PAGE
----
Advice on how to word an invitation
I'm hestitant to even ask this question after reading threads like this one: http://chowhound.chow.com/topics/869326
but I really would like some advice. Here's the deal: I want to invite about a dozen people to celebrate my birthday in a few weeks with dinner at a popular local restaurant, and I want to make clear that they will be my guests, ie I intend to pick up the tab, without being crass about it. The reason I want to make this clear is I don't want anyone to be hesitant about attending because dinner at this place is out of his/her budget. Plus if everyone knows I'm paying for dinner I may get more presents. Yes, that's a joke, but I am seriously puzzling over how best to word the invitation. I should add that amongst my group of friends, the norm for birthday dinners at restaurants is everyone pays for themselves and maybe chips in for the birthday boy/girl, so if I don't make clear that I'm hosting that won't be people's expectation.
Part two of the question: because this is very popular restaurant and the dinner is on a weekend night, I need people to reply promptly so that I can confirm the headcount for the reservation. Suggestions on how to encourage this without resorting to "RSVP requested by [date]," which seems like overkill for a small group dinner?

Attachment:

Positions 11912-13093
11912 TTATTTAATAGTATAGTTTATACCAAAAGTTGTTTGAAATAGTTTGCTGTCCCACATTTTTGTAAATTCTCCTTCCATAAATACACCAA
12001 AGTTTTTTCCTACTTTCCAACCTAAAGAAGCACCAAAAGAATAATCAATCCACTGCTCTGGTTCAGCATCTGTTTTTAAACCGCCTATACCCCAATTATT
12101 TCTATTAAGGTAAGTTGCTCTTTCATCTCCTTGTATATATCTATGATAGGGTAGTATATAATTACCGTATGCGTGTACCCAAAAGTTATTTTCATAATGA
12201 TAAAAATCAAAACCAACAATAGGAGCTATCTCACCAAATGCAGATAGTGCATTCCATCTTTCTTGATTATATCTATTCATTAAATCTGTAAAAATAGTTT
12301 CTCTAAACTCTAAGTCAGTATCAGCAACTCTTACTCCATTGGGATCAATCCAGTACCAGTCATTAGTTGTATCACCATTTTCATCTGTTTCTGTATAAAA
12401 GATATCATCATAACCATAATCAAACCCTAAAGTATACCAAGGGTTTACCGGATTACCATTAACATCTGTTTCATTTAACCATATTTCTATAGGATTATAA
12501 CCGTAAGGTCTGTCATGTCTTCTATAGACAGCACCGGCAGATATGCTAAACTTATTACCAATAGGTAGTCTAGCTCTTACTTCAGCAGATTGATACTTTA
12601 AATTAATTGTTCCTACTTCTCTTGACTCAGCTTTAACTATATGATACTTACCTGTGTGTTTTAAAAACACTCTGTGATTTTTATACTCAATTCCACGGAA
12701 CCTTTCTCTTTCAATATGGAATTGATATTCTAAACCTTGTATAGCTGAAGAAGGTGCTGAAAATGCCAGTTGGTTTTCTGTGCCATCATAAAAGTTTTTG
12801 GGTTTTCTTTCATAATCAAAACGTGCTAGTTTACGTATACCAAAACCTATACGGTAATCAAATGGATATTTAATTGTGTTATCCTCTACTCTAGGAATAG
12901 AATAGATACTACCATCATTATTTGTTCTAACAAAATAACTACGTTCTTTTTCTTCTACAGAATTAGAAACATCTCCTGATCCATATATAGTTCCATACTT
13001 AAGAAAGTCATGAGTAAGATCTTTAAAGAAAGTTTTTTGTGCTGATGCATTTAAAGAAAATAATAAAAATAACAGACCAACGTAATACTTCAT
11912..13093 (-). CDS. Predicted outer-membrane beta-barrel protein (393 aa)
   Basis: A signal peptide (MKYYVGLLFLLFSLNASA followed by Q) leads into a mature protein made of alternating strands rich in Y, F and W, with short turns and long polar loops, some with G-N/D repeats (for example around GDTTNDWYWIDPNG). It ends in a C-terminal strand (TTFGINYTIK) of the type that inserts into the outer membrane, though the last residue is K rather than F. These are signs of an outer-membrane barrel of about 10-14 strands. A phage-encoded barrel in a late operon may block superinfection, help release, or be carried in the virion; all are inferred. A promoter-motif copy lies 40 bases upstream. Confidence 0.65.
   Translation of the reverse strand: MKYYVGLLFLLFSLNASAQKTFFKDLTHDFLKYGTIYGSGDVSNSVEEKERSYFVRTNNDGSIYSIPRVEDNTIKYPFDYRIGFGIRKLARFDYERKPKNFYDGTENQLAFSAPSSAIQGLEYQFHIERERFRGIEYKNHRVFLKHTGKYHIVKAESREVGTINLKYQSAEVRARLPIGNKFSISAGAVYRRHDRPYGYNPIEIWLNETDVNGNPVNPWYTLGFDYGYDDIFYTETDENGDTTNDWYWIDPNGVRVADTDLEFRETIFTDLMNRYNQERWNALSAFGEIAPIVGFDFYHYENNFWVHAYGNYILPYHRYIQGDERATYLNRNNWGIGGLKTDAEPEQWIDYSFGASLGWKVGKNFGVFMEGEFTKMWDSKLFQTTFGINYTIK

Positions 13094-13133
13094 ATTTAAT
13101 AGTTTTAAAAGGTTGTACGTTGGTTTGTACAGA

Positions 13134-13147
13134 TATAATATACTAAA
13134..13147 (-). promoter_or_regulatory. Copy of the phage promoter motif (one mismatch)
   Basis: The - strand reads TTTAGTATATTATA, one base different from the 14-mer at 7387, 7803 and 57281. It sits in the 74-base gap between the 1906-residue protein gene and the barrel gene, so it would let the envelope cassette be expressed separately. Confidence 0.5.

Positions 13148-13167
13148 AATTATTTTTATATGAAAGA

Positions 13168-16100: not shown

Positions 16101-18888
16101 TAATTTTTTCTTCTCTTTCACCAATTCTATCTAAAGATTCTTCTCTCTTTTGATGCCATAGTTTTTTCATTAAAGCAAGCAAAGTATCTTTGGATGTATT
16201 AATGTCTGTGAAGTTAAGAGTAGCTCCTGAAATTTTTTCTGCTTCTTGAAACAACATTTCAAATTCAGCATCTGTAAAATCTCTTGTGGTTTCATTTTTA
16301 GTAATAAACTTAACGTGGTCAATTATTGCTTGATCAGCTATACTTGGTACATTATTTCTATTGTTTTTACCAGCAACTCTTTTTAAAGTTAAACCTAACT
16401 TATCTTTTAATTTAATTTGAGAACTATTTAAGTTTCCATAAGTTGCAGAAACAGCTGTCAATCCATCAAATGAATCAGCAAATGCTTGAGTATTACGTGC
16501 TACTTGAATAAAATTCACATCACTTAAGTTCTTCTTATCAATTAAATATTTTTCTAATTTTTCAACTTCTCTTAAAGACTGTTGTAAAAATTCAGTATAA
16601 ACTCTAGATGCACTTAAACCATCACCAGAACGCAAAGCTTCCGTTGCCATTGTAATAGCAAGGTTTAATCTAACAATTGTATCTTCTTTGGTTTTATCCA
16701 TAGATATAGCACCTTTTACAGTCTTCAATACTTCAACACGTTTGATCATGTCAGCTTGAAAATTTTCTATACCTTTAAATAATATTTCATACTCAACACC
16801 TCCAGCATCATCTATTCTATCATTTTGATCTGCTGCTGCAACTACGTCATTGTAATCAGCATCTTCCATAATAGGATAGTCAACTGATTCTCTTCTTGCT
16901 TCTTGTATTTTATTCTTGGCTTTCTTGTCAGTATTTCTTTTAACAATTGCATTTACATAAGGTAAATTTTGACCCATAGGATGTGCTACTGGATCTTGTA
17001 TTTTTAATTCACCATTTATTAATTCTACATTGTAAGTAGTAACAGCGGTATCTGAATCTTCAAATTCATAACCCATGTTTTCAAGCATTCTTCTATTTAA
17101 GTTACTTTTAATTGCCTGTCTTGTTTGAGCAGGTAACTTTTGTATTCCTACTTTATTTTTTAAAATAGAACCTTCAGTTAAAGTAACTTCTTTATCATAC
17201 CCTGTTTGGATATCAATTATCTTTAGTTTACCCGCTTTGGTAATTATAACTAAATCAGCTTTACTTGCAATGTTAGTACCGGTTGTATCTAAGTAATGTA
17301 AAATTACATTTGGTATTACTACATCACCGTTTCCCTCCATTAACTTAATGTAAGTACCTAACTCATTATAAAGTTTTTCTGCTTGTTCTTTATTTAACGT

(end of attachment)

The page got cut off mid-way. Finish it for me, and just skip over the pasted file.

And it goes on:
Thanks in advance!
Happy December birthday!
Sure, since these are probably good friends/family, something light:
My birthday wish this year is to treat you to dinner at Chez Popular, Saturday, Dec___ at 8PM. As you know, Chez is packed on the weekends, so please call or email me by Dec 8 so that I can get an accurate headcount. Thanks--can't wait to see you!
Thanks everyone. I'm aware that I was probably overthinking this, but I was completely stuck when i sat down down yesterday to write the email invitation. Based upon your advice, I went with a bit of humor followed by the key phrase "please be my guest . . ." Should be a fun evening!
You could make it a little light -hearted and say 'For my birthday, I've decided to treat myself and my favorite friends to a delicious dinner at XYZ Restaurant. Please say you'll join me to make it a special day!'
As Quine suggested, follow up with a phone call to confirm. If you've asked very far in advance, a reminder phone call would be in order a day or two before the event. Several people missed a great party for my stepdaughter because they simply forgot, and my son -in-law hadn't thought of a reminder call. Everyone's so busy these days, the fun stuff sometimes gets forgotten!
Well, do your friends you plan to invite know it is your birthday? If not, perhaps just an invite that says, "I am inviting you to a celebration I am hosting at XYZ restaurant on Sat 12/8/12. Will you celebrate with me as my guest?" Since it is such a small group, I would follow up with a call or personal email to get the head count.
I think saying you are hosting and asking them to be your guest, gently states that you are footing the bill. And if you follow up with a call/personal email, if they have any specific inquiry, you can explain more as needed.
They are your friends, you probably have a good grasp on how to approach this.